A parable or a knife?

So once again, here’s the current primary-source list for my post-apocalyptic and dystopian novels course (now titled “Coming of Age at the End of the World”). I dropped 1984, but reread The Giver this week — it really is the archetypal YA dystopian, Christ imagery and abrupt ending and all. The Giver, Lois Lowry Riddley…

Hipster Book Club holiday gift guide

This is possibly the best thing I’ve found on the internet lately, and I’m not even saying that because Alcestis is included in it: the Hipster Book Club’s holiday gift guide. Ten pages of quirky, funny book recommendations, with categories from “Geek Love” to “Ladies’ Choice” to “General Fiction.” If you want to buy books…

Zadie Smith as obscure object of desire?

On Twitter today, I saw an approving link to Alexis Madrigal’s response to Zadie Smith’s fine essay on Facebook and The Social Network (which I wrote about a little while ago). The title of Madrigal’s piece mentions literary writers and social media, and I’m always up for thinky writing about those things, so I spent…

Facebook and its discontents

Zadie Smith’s essay on The Social Network, Facebook, and Mark Zuckerberg in the NYRB is smart, surprising, and well worth reading. Especially this bit, in which she speculates about Zuckerberg’s actual motivations (given that the invented dramatic motivations the film ascribes to him don’t seem very accurate): Maybe it’s not mysterious and he’s just playing…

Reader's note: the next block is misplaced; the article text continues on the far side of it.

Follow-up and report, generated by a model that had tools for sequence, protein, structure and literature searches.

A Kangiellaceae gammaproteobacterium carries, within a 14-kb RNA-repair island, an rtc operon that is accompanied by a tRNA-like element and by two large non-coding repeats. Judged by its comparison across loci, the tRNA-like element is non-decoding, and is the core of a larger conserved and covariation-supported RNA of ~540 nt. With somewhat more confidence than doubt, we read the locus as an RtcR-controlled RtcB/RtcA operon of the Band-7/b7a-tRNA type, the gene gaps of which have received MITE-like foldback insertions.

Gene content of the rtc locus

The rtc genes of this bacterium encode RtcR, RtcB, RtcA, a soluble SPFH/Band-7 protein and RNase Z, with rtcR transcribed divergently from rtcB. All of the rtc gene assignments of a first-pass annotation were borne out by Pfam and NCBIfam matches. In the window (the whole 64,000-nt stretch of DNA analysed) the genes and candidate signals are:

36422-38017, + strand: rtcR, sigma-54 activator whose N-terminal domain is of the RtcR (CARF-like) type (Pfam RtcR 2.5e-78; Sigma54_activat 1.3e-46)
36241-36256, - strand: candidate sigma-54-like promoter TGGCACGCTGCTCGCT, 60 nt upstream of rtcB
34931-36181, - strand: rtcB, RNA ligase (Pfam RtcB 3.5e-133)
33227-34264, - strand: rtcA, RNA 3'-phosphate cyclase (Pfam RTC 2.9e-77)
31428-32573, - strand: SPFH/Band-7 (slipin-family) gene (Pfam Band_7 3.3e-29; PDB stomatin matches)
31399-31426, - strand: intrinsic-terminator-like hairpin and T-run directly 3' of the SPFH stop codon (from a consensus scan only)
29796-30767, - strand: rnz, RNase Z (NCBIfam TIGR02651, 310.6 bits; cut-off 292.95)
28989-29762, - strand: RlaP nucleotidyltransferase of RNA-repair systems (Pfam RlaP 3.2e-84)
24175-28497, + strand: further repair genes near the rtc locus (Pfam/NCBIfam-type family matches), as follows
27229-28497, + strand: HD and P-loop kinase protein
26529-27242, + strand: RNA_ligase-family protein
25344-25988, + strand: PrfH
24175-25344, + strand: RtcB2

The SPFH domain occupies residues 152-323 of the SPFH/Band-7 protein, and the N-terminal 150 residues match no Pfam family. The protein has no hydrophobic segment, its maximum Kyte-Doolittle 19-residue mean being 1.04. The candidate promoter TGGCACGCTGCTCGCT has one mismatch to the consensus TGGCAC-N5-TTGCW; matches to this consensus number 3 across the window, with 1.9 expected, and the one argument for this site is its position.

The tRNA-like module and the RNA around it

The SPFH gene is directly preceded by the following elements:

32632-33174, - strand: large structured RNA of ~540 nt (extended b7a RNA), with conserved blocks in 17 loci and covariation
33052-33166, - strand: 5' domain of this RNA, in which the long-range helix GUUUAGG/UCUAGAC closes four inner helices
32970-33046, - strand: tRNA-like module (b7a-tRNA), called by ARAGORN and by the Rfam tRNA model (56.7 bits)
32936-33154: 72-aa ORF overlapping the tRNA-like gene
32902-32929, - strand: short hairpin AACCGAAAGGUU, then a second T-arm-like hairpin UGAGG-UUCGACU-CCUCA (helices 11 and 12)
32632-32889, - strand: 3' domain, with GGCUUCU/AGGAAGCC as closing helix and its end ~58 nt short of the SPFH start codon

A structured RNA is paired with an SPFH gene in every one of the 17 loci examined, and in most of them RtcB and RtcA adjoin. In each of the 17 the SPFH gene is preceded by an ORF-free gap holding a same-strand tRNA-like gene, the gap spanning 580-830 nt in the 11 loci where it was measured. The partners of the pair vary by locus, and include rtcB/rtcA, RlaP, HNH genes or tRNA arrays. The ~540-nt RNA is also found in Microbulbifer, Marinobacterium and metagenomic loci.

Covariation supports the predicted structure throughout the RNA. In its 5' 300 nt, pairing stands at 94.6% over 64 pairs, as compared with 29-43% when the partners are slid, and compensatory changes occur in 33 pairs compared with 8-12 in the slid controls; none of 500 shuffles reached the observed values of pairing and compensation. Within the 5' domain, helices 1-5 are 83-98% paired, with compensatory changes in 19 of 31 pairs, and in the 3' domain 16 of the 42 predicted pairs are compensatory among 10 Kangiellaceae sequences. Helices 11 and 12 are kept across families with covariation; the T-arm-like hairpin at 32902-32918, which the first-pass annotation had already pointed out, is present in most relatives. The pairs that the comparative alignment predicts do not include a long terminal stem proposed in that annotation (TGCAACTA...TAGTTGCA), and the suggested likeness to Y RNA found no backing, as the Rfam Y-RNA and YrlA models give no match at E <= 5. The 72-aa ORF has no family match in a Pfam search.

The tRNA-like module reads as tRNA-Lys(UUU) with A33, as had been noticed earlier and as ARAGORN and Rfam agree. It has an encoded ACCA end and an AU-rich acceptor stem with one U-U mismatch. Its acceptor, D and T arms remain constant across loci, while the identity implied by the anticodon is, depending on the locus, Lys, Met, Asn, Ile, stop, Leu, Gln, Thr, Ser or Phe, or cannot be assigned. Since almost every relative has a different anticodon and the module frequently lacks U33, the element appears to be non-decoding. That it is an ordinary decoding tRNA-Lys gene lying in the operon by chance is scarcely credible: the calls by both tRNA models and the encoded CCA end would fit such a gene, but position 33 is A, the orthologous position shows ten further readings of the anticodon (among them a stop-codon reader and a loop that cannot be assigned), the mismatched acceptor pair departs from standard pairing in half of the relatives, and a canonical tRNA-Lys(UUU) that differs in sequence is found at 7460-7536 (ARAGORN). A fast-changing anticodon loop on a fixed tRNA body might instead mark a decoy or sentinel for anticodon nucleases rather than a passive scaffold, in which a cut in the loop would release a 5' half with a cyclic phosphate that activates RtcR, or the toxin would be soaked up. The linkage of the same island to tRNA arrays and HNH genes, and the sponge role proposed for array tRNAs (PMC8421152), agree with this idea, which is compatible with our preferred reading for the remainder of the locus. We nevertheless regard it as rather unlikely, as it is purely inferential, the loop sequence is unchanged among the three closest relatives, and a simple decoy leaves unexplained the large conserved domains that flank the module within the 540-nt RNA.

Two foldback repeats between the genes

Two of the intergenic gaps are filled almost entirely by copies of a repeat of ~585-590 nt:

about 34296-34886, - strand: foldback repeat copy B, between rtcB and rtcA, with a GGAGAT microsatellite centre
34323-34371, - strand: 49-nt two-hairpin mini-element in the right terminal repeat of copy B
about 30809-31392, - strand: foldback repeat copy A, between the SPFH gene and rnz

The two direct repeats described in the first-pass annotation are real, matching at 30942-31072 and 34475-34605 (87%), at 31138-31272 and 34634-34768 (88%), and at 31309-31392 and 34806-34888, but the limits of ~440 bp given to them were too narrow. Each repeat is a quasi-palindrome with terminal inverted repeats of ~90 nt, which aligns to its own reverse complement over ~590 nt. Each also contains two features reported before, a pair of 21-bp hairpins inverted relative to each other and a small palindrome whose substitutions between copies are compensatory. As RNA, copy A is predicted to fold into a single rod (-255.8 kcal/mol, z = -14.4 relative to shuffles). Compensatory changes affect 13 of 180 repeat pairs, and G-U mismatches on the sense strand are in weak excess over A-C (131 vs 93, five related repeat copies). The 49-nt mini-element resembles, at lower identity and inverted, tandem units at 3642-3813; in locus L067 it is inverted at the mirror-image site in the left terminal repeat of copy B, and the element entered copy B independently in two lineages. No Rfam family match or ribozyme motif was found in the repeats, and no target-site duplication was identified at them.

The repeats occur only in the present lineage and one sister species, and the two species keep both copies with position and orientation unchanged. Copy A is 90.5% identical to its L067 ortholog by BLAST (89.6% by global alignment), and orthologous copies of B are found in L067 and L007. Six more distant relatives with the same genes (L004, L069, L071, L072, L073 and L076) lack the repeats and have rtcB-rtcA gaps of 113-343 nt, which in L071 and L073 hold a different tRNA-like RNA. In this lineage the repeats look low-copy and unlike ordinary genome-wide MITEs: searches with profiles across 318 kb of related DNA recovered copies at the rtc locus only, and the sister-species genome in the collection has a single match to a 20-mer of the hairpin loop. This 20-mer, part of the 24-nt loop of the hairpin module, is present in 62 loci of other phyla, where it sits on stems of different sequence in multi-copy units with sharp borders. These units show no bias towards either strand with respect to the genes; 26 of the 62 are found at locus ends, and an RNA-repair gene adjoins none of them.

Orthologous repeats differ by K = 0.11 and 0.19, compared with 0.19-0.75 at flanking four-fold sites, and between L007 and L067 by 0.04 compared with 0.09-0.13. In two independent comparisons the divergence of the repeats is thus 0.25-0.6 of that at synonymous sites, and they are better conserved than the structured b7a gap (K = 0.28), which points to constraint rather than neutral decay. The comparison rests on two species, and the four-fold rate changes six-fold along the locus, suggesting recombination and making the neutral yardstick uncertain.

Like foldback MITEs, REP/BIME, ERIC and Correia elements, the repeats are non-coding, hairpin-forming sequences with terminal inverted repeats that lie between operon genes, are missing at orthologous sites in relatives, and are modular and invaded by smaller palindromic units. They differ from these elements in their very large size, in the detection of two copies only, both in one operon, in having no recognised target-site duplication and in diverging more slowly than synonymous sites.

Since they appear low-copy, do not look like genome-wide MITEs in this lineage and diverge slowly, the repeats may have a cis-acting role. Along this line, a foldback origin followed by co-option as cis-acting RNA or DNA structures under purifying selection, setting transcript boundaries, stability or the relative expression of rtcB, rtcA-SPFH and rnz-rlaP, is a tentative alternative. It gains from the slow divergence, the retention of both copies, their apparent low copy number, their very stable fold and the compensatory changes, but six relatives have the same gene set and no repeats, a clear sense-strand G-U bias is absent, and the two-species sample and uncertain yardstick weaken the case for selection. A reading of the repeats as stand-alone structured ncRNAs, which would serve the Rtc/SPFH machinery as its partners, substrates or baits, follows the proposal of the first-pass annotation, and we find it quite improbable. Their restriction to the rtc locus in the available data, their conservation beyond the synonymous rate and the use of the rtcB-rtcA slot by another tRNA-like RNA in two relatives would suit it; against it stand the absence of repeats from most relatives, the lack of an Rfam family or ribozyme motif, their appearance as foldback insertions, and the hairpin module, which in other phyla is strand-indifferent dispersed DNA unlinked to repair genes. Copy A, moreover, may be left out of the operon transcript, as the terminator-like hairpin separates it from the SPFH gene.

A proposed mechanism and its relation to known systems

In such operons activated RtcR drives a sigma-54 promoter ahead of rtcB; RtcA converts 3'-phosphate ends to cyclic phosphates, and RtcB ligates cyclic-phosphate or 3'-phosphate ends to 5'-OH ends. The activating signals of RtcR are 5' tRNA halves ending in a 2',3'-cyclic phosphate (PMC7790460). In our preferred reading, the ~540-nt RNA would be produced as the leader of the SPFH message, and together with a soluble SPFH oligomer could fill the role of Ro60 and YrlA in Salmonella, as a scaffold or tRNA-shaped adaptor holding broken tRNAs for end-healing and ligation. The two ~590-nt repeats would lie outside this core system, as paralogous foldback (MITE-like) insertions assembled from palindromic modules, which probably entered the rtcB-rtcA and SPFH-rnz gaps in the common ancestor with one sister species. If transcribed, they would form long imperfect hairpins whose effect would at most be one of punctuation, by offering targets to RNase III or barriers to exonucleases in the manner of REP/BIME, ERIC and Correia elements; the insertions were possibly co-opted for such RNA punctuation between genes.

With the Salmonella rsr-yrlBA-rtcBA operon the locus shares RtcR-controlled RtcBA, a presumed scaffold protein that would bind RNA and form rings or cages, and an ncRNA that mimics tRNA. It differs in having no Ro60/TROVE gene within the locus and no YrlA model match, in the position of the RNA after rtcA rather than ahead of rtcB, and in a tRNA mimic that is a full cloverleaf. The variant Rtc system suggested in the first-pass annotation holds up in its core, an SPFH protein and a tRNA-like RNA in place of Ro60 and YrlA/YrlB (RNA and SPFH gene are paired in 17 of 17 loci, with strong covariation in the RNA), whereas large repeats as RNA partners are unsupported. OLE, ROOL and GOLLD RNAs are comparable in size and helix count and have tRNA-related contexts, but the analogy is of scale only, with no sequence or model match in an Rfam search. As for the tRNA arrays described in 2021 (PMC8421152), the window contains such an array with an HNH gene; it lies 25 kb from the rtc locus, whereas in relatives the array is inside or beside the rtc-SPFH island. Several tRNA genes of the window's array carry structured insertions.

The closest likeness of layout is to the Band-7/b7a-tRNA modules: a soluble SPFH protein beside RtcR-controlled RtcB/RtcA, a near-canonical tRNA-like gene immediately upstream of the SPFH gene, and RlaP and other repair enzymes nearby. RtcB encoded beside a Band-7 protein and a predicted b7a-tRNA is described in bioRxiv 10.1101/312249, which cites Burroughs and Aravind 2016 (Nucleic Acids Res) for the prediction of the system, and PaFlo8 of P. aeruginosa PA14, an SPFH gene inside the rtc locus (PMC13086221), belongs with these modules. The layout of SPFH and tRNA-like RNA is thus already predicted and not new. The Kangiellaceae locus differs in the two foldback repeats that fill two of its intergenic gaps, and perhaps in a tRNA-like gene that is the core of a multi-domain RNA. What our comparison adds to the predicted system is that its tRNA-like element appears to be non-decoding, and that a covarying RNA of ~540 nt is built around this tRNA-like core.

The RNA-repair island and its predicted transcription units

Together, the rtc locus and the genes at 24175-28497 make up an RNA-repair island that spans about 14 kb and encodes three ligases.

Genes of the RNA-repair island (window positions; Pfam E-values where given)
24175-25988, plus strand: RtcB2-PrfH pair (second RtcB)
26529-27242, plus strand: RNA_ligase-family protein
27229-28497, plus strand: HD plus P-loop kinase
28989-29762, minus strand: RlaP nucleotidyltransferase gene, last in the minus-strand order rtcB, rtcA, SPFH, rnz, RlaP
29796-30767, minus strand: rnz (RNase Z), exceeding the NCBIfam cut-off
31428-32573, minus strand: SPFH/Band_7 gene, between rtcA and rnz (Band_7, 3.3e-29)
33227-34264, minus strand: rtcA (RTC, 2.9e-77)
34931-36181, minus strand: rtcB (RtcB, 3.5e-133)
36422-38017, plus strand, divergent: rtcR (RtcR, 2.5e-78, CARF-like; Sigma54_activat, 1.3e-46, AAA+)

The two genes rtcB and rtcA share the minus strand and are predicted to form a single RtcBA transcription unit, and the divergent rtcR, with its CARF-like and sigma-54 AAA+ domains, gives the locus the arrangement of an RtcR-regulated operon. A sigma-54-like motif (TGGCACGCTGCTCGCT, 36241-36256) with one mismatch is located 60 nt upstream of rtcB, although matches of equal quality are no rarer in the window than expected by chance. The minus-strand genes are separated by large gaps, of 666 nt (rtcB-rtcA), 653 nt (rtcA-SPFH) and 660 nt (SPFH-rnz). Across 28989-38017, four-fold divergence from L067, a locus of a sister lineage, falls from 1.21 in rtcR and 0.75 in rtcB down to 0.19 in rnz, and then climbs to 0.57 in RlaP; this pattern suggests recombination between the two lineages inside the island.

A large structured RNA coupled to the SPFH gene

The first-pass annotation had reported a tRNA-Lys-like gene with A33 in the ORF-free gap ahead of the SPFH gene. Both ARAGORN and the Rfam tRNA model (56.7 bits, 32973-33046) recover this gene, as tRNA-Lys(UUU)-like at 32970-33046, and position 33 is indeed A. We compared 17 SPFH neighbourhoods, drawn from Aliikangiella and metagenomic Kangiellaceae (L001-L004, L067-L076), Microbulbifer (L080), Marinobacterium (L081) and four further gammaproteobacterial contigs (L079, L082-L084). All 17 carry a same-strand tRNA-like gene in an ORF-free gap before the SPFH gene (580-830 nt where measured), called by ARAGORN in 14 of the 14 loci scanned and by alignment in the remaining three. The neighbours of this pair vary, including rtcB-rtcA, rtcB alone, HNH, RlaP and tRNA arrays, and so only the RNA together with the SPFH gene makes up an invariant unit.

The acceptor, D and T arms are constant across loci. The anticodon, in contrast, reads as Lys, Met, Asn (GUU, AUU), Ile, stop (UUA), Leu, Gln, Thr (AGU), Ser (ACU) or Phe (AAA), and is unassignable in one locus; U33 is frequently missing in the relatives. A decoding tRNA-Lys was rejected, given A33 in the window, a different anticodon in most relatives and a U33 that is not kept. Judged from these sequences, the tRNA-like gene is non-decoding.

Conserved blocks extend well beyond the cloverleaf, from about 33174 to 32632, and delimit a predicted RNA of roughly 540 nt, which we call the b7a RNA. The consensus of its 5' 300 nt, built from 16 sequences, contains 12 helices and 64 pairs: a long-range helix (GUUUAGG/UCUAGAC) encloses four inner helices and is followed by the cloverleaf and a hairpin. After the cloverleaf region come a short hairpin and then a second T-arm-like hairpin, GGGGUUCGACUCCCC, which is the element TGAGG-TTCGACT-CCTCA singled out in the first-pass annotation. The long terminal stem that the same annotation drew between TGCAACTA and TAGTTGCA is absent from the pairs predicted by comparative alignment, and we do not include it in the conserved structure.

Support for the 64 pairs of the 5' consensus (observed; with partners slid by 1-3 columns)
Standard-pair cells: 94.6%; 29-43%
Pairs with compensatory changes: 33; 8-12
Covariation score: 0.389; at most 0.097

Wrapping up the fiction course

The last two weeks of the fiction class I’m teaching are essentially solid workshop. We’ve had a few breaks to discuss general questions about writing and one very good discussion about “Hills Like White Elephants” (including a bit of a digression re: absinthe, the legality and appeal thereof), but it’s almost all student fiction at…

‘Inception’ redux

I went to see Inception for a second time, in an IMAX theatre. Several things happened: I enjoyed it more this time than the first time. It really is a lovely-looking movie. I got to hear an even larger audience of people sigh frustratedly in unison at the final scene. I still don’t get this,…

Crazy and unlikely and unusual

This week, my students are workshopping their first pieces of fiction (and doing an excellent job of it). After a week and a half of class every day, I think we’re all starting to realize that an intensive summer fiction workshop will, in fact, be intensive. For all of us. But with judicious applications of…

Whew.

My first week of teaching is over! Or sort of over — my students just turned in their first assignments, so I’ll be reading those this weekend. We spent most of this week reading and discussing published short fiction and we begin workshopping their own work on Monday. I am very sleepy this morning, not…

The Hellenistic period on film

Today, found this lovely blog about period dramas (with which, as my Netflix queue would show you, I am totally obsessed). One of the entries on the front page at the moment is a review of Alejandro Aménabar’s Agora, a film about Hypatia, the Alexandrian scholar of mathematics, philosophy and astronomy murdered by a mob…